It’s 8:23 a.m., I got up for the day about 30 minutes ago, and my first instinct was to fetch my laptop from where I left it on the ottoman last night after clocking two hours at home, after a seven-hour day.
Lately I have to work as a machine and not as a person if I want to be on top of anything, let alone everything.
Today I’ll work a full day, starting probably before my first meeting at 11:30 a.m. and ending whenever the school board meeting — which starts at 7 p.m. and has an unusually long agenda of items A through Q — ends, and I make a 30-minute drive home. Or perhaps even later than that.
It’s safe to say I’m burning the candle at every end, and I feel like I’m drowning in the wax.
Couple that with my husband being out of town for a couple of days, and my guilt about having to leave our dog home alone for so many hours. (Couple that with my irrational worries about her safety and well-being, even though she wears a GPS collar so we can track her whereabouts at all times, after the terrifying incident of a tree falling through the back fence and her going out to explore when neither of us was home to notice.)
No. No, I’m not stressed out at all.
Yes — that was sarcasm.
I’ve written several times about my job, and I really do love what I do, but lately I have to work as a machine and not as a person if I want to be on top of anything, let alone everything.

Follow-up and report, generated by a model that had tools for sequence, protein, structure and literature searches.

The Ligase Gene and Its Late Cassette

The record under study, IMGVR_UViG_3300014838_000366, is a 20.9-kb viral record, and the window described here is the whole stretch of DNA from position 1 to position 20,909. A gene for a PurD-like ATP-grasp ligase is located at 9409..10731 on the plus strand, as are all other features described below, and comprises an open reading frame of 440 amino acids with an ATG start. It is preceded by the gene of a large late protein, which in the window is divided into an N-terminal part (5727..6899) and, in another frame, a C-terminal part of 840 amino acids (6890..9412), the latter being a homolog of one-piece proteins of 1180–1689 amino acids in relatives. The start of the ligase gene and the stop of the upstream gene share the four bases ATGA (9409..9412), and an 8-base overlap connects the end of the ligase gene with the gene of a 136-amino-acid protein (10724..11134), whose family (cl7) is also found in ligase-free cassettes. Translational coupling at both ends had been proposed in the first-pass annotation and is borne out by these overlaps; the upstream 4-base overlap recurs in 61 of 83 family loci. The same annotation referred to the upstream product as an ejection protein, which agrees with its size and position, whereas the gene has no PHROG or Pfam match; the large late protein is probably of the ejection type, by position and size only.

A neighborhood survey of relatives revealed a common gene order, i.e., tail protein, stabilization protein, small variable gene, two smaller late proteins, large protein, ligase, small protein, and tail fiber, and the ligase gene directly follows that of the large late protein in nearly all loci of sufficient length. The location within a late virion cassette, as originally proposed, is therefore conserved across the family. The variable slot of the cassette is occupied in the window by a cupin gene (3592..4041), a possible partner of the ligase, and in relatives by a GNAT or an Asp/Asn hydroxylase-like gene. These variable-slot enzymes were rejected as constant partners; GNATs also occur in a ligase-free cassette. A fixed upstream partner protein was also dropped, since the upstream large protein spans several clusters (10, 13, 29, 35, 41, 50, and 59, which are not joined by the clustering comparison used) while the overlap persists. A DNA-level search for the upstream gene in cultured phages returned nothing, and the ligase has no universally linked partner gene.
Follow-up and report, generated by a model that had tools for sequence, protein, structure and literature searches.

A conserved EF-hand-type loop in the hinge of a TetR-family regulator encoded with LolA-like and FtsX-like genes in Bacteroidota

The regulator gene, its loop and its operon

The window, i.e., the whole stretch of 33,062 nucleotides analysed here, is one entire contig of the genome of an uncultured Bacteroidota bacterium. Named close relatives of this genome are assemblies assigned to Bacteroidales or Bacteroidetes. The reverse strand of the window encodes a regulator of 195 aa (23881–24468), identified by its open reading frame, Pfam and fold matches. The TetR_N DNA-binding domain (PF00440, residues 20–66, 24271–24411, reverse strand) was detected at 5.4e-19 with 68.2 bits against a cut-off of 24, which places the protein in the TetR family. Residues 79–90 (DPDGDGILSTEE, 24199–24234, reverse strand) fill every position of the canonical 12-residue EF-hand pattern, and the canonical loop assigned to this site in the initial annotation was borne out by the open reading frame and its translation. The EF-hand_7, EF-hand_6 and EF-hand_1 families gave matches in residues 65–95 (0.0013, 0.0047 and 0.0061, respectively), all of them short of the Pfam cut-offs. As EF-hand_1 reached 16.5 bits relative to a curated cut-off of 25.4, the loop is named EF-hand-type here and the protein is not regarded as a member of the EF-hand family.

It’s not sustainable, but what do you do when there’s no other discernible choice?
(Seriously: what do you do? Advice is welcome and appreciated.)
I’m burning the candle at every end and I feel like I’m drowning in the wax.
It does seem like it’s sustainable for some, however. I also feel like I can’t complain because I know my editor works roughly 12-hour days, and without an assistant editor, I’m almost positive he’s working seven days a week, too. Maybe he complains, but if he does, it’s not to me.
That doesn’t invalidate my own experiences and difficulties, but it does offer some perspective.
Still, I know this isn’t just me. We were discussing it in the office yesterday, how one of us, actually all of us, functions as something of a catch-all for assignments. We all need help.